No Georgia herself is here outdone by the Nation! The crimes of Herod are blanched in comparison of deeper crime! From Georgia there is an appeal. From the Nation, there is no appeal, but to heaven. If the nation shall seal this- it is the consummation of guilt and perfidy. More of the same kind may, and on such condition, will be done. But there is no going beyond it in principle.

And thus a full, fair, and thorough experiment of the value of the faith of Government, now offered to Indians, removing from States into the unchartered territories, has been made in less than ten years. And at this very moment, this acme of public interest on this subject-this

new chapter of Indian wrongs, this new Apocalypse of Indian doom, is ready to be opened. And if there be a man among us, who has hitherto vacillated with diffidence as to how this course of treatment would turn out, it is reasonably expected, that this new disclosure will enforce him to a confirmation of opinion, and to decision of purpose.

I esteem it fortunate, that the great and powerful State of New York is so deeply concerned, both in interest and sympathy, in this violation of the public faith. It if her own Indians that have been thus abused- and that, too, after having received the most solemn pledges of the certain tenure of their lands, and of protection in their rights. Not another Indian ere again trust himself to the faith of the General Government. And not only so--but those already planted at Green Bay, in consequence of the perfidy which has been practised on them, and the consequent vexations and uncertainties, are now gravely meditating to throw themselves back on the charities of this Commonwealth. But had the faith of the Government been kept, there was every prospect, that this State might disburden herself of this delicate and embarrassing encumbrance, with justice and honor.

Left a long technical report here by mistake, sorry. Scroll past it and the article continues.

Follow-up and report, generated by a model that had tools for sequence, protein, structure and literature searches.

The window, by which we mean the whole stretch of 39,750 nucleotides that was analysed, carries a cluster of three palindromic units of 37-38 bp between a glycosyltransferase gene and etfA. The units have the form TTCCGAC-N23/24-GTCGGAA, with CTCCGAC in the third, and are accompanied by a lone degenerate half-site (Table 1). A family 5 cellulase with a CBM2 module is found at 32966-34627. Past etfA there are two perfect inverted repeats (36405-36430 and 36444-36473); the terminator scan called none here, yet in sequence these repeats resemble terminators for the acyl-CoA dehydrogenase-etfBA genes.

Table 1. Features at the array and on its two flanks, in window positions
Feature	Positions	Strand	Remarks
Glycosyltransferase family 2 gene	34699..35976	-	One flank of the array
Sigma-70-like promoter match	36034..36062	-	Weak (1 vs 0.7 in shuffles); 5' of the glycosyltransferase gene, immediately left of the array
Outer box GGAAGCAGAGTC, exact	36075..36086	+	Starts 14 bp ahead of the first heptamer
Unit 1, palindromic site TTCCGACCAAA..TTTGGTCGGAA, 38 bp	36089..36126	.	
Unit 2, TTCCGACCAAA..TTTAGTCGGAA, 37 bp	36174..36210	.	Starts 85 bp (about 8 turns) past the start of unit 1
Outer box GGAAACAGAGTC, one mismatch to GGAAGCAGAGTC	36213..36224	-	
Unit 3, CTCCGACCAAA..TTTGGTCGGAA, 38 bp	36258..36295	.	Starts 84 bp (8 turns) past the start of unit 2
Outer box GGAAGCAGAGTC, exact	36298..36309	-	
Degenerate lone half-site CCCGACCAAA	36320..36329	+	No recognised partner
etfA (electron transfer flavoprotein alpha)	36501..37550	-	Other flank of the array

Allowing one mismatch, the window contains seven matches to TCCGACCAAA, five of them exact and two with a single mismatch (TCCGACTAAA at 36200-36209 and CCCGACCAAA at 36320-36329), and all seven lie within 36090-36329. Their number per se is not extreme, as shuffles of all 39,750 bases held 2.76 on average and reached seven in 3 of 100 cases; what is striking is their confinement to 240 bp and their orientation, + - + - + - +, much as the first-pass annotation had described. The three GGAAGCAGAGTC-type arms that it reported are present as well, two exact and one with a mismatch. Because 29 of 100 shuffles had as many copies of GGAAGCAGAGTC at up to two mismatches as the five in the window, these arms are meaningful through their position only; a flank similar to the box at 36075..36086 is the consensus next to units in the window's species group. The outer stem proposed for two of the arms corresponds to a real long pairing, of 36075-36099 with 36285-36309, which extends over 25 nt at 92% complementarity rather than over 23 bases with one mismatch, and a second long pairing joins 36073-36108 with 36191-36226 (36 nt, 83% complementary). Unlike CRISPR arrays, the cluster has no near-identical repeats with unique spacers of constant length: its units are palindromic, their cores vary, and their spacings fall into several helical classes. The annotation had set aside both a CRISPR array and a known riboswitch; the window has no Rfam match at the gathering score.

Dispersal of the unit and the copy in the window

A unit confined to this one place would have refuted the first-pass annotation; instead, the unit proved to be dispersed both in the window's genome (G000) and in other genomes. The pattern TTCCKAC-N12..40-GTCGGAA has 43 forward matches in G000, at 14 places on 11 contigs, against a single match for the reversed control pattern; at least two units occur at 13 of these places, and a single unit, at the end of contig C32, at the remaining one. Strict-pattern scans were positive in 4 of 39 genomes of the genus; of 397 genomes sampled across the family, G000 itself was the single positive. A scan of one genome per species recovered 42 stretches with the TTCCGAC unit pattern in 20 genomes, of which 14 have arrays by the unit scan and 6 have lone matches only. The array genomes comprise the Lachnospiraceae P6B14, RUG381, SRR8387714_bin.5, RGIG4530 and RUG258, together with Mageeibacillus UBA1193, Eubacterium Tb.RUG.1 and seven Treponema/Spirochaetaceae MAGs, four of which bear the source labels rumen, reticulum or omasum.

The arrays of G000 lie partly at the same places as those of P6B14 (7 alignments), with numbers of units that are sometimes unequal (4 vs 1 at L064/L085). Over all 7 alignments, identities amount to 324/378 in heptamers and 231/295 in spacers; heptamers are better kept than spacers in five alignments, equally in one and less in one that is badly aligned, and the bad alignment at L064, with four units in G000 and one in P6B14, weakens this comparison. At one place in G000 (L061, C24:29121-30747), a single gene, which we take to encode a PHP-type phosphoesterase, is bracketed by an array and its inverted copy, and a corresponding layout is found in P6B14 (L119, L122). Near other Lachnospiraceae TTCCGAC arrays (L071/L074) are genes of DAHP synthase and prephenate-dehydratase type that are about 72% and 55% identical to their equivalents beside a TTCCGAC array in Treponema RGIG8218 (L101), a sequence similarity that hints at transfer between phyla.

preemptive right company may now shut up their office. No auction hammer will get a bidder for their stock.

And the standing policy of the nation, woo on this subject, is literally balked. For how can it go forward, in the face of such transaction--of such experiment? 'Murder will out.' Mischief, left to its own policy, will ultimately defeat its own aims. And so it is hoped, by these timely developments, there will be reformation, or formation of public sentiment in the land, sufficient to save the Indians from their destiny, which has seemed to impend them.

While present at a Council of the Chiefs of the New York Indians at Green Bay a few weeks ago, I heard one of them say--a man, too, who for intelligence for moral worth, and for the common virtues of life, would not suffer in comparison with any man in this proud community--a man, whom no one, reverencing 'the human face divine,' could look upon, but with respect. I heard such a man in public council, recommending the removal of all his brethren into Canada because the British keep their faith with the Indians! And he quoted facts, and adduced reasons to which I passionately desired, but was utterly unable to reply. I had the privilege of speaking being admitted to council. Mortified and abased as a citizen of the United States, I was compelled to submit in silence. For the first time in my life I was ashamed of my country! and in such presence: before the Indian, agonized under a sense of his wrongs, and giving vent to feelings, which it is not in man, or God to despise!

N. B. A detailed expose of the injuries done to the New York Indians at Green Bay, will soon be laid before the public. Some other particulars and a general index of this subject were published in the Daily New York American on Saturday, Oct. 20th , and in the same paper for the country, on Monday, the 1st instant--together with a letter of thanks from the Chiefs to all, who have advocated the rights of Indians.

A Spectator of the late doings of the Commissioners at Green Bay.

New York, Nov. 3d, 1830.